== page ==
Today you set off over the lip of the bowl in which Cusco is set to enter the Sacred Valley of the Incas, run through by the Urubamba river. Firstly you call in at the artisan craft market in the main square of Pisaq. A vast terraced complex of Inca buildings towers above, dwarfing the colonial village on the valley floor: you'll have the chance to clamber around the ruined temples, palaces and humbler homes.

As if this weren't exciting enough, you'll continue to the equally spectacular temple fortress at Ollantaytambo, defended fiercely by the Incas who fought a brave but losing battle against the Spanish, (who had horses...) Climbing up impossibly steep steps, you get a view of the rustic village below, with its Inca foundations on display, while in the other direction the valley plunges down towards the Amazon jungle. Spend the night in a charming hotel in the valley nearby.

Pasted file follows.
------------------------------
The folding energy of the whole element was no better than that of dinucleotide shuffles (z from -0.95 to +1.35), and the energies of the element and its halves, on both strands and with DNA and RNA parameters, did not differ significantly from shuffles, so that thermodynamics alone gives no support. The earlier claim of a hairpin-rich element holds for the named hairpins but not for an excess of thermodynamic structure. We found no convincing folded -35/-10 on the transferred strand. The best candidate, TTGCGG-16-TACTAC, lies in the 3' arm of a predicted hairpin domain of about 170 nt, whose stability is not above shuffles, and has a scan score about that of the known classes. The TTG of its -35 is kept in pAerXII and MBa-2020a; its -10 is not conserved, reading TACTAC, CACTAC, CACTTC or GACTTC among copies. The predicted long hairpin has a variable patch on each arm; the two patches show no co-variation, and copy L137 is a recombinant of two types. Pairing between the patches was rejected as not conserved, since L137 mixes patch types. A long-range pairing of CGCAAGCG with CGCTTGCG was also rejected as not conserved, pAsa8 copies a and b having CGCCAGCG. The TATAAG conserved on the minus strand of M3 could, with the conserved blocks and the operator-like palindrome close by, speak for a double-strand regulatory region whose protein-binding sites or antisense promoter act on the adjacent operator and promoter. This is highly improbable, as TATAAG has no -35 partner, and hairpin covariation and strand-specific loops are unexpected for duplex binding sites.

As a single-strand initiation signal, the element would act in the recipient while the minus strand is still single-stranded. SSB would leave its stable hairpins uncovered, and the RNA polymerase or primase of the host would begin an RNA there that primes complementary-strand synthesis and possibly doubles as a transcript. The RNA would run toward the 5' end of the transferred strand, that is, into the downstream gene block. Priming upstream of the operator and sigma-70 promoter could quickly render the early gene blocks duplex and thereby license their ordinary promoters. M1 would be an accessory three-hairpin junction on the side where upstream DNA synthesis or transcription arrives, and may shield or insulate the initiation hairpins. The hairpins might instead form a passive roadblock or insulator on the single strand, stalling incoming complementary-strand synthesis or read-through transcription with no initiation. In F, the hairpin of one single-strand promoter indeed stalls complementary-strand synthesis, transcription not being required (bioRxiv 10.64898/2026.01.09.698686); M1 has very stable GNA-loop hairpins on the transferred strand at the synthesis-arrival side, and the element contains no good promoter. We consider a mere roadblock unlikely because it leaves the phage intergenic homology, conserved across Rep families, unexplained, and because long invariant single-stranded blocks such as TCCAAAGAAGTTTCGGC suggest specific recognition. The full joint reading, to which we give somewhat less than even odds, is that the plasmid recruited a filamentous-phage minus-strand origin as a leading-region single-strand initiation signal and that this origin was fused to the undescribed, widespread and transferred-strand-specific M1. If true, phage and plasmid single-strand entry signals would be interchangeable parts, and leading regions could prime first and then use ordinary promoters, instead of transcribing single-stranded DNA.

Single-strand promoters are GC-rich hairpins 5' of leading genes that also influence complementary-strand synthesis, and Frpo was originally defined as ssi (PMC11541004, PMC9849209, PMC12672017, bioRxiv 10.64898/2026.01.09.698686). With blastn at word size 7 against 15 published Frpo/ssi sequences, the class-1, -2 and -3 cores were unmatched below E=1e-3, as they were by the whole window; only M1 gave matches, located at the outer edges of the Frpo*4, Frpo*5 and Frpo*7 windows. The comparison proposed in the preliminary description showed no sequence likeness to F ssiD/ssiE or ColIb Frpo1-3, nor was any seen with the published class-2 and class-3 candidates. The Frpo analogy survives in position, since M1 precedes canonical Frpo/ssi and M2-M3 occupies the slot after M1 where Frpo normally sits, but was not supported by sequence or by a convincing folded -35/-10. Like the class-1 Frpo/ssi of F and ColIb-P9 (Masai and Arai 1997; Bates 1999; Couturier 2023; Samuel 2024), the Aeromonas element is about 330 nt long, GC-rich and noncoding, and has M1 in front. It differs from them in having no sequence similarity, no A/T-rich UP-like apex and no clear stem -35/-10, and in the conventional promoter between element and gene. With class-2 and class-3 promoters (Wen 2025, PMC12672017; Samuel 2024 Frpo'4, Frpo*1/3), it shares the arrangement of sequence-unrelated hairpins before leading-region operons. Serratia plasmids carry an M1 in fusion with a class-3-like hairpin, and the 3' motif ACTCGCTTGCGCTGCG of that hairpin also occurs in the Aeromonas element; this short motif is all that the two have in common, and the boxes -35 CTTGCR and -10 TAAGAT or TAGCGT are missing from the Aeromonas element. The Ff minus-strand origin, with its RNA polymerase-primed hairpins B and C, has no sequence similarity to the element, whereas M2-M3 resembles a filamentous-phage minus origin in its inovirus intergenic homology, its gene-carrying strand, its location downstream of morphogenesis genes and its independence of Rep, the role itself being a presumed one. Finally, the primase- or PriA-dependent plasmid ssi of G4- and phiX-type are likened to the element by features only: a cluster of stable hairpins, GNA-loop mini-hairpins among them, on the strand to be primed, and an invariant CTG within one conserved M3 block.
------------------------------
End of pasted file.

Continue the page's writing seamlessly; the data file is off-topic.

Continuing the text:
Sacred valley

Day 11

Walking tour around Huilloc and Pumamarca.
Today you have a guided hiking adventure which rewards you with spectacular Andean scenery, an insight into life in a traditional weaving community, and a visit to the small but well preserved Inca ruins of Pumamarca.

Later, drive to the Andean community of Huilloc and visit homes where you will observe the different traditional processes and techniques used in textile weaving. The culture and way of life here have changed little since Inca times. Afterwards, hike along the Patacancha river towards the village of Pallata to arrive at Pumamarca. Continue the hike back to Ollantaytambo along the top of Inca terraces.

Day 12

By train to Machu Picchu, guided tour. Overnight nearby.